Paul Watson reviews a collection of essays which explores case studies of the associated folklore of landscape and place in countries throughout the world.
Spirits of Place is an anthology examining the relationship between place and narrative: how stories, folkloric or historic, become embedded in a location.
The emotional and spiritual dimension of being in place, in the work of Alan Garner, powerfully reminds us of our connection to the land and stories.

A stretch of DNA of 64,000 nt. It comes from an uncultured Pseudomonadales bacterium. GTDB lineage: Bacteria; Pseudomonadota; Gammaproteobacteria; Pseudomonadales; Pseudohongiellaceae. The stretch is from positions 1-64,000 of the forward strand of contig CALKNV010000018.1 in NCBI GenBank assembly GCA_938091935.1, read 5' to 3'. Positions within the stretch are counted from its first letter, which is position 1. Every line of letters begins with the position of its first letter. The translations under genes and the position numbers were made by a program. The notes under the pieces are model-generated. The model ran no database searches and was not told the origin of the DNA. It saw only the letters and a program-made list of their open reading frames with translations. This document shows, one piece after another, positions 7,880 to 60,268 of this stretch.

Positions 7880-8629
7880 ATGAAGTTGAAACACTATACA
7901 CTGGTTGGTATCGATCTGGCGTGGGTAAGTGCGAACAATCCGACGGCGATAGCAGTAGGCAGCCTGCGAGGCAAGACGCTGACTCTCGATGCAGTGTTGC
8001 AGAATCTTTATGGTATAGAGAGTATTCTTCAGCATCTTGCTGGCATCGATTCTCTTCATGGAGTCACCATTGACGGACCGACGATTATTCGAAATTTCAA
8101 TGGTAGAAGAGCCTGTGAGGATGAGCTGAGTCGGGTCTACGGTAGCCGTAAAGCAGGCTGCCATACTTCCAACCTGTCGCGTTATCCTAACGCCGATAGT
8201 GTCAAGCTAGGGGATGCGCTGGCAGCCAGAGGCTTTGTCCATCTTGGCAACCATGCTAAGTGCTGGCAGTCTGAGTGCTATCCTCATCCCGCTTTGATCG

‘Have you ever heard the term ‘folk horror’ before?’ I asked a colleague of mine: a classics professor. ‘In particular, when describing drama?’
I feed on as many books of London lore as I can find, everything from Neverwhere to London Orbital, King Rat to A Journey Through Ruins, Savage Messiah, The Great God Pan and The London Adventure.